‘Twas a month before Christmas, when in some theatrical place, a man put on a dress and an inch of make-up on his face. It is, without a doubt, a singularly peculiar custom. If you have ever tried and failed to explain to a friend from shores far away about the reasoning behind The Pantomime Dame, I would highly recommend you take them to see Pride & Prejudice: The Panto to witness James Walker-Black as one of the funniest I’ve seen. In this regency-panto mash up, Walker-Black as Mrs Bennett and Freya Evans as Jane Austen steal the show in a cast that already excels.
I must confess that I’m a bit ambivalent toward the original Pride and Prejudice. Before I’m lynched by those hordes of people that have marked Colin Firth’s laundry day as the new 0 AD, I would say that I do appreciate it has great cultural and literary significance. However, whenever I’ve attempted to watch it or read it, I’ve always felt a touch bored. Happily, in this production at The Cockpit Theatre in Marylebone, I was thoroughly entertained throughout. Which leaves me to wonder whether I would find all of Austen’s work more accessible if only more drag acts were included. Worrying times. By Jove Theatre Company’s Pride and Prejudice: The Panto manages to stay true to the original themes of the text whilst introducing some rib-tickling comedy and a subtle thought-provoking feminist slant that will have you leaving a pantomime having used your brain, a rare thing indeed.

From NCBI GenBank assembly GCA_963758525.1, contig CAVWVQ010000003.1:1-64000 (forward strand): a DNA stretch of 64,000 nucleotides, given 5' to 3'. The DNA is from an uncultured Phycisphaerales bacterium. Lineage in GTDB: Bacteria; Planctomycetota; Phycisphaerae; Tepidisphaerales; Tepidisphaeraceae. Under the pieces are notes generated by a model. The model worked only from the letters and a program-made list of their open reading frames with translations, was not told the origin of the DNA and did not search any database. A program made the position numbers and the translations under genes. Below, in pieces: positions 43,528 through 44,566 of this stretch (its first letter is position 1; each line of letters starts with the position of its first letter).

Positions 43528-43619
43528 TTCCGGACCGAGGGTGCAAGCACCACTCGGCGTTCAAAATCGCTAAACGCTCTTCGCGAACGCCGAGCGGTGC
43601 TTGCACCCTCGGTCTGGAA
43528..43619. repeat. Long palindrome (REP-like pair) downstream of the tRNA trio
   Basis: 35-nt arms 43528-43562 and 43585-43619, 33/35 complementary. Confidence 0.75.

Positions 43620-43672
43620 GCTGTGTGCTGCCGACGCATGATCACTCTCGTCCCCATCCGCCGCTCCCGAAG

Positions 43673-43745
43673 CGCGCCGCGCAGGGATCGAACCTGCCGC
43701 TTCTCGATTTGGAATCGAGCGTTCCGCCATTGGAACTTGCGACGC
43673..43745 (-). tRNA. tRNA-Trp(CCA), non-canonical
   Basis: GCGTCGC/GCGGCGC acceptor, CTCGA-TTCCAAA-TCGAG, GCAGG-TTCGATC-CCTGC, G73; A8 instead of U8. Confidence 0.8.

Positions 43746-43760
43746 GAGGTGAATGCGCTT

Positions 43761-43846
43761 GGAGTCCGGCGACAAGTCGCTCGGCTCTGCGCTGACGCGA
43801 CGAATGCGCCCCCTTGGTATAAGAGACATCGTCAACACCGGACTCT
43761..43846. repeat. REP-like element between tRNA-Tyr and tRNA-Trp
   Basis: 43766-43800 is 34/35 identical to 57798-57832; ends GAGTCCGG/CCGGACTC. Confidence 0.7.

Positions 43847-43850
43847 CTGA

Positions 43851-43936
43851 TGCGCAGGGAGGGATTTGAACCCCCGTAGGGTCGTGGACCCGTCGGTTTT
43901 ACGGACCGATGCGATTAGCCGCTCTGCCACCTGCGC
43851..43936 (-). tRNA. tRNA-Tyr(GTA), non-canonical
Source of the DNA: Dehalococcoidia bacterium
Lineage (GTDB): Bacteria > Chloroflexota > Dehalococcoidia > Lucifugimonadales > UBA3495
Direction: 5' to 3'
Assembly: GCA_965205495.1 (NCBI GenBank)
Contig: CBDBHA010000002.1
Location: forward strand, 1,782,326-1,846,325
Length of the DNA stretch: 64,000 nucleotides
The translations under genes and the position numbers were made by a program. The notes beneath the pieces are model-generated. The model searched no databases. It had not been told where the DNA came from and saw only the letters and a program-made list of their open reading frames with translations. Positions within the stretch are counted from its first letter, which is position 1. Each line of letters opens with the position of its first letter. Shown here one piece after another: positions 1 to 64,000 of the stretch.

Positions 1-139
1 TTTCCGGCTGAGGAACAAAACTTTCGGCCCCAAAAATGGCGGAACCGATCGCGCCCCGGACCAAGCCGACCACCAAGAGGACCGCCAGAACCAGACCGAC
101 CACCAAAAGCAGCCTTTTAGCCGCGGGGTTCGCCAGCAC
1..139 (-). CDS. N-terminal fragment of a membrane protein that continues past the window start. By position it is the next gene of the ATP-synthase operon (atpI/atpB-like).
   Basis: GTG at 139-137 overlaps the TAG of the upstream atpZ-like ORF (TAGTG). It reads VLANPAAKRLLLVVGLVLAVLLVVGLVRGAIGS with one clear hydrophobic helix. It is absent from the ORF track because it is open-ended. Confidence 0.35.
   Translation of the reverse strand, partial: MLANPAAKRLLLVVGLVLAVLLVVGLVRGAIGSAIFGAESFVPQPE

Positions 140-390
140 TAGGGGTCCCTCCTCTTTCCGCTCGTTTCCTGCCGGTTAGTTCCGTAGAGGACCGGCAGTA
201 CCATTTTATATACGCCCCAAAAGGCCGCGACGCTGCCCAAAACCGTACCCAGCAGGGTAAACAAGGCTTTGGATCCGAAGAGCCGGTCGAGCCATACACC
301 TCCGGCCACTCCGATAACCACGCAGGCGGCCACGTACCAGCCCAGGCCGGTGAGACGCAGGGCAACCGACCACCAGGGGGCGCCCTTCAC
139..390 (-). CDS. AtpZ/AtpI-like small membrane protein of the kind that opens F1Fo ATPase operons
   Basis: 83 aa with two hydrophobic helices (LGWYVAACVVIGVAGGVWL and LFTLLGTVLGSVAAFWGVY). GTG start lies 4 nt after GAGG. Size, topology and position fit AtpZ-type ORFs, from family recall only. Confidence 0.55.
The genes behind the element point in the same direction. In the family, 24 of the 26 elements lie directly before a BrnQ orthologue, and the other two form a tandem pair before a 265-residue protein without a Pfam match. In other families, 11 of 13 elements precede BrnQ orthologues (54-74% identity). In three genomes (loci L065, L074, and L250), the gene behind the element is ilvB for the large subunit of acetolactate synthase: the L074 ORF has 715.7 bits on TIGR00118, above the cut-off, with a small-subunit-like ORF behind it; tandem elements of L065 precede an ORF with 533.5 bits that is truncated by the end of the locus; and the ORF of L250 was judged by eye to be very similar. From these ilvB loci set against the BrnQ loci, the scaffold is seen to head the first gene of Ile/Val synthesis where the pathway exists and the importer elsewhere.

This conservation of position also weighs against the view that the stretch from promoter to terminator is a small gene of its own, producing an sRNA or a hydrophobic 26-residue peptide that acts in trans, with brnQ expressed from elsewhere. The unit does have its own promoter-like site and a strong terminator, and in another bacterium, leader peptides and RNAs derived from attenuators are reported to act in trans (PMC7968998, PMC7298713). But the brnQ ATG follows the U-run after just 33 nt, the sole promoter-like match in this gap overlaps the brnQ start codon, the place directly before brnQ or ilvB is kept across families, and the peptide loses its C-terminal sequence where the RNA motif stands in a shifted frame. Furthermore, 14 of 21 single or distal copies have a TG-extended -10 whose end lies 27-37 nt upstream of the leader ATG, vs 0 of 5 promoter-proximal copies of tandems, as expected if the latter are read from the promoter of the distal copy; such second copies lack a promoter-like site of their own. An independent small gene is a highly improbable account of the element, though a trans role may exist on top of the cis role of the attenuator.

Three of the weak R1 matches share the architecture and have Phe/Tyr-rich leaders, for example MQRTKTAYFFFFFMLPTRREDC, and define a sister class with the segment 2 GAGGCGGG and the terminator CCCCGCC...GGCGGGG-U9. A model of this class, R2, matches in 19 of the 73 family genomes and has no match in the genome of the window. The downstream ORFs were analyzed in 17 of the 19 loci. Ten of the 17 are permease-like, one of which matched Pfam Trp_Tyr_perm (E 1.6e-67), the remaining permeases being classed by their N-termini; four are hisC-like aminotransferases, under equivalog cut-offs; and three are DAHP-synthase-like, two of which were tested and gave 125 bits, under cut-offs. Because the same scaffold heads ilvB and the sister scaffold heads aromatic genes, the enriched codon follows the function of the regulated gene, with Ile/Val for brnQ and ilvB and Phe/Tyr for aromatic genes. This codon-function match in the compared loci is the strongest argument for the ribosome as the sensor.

Whilst the production values in this performance didn’t blow me away, I would say that unless you really love going to the pantomime to see a spectacular set, you won’t leave feeling disappointed. Solid costuming that is mostly period-appropriate leads to a believable setting and the enthusiasm and ability of the twelve-strong cast more than make up for the lack of a regency country house back drop and a few chaise longues.
I really rate Pride and Prejudice: The Panto. It is a slightly different but nonetheless exhilarating way to continue a stalwart Christmas tradition. By catering for an adult audience, the cast is freed up to exploit the filthier jokes that are normally only alluded to in your bog standard panto, and this coupled with Austen’s plotline leads to a performance that is bursting with energy. If you want a panto that you will remember in years to come, this is the one to see.
Pride and Prejudice: The Panto is playing at The Cockpit Theatre until 20 December. For more information and tickets, see The Cockpit Theatre website.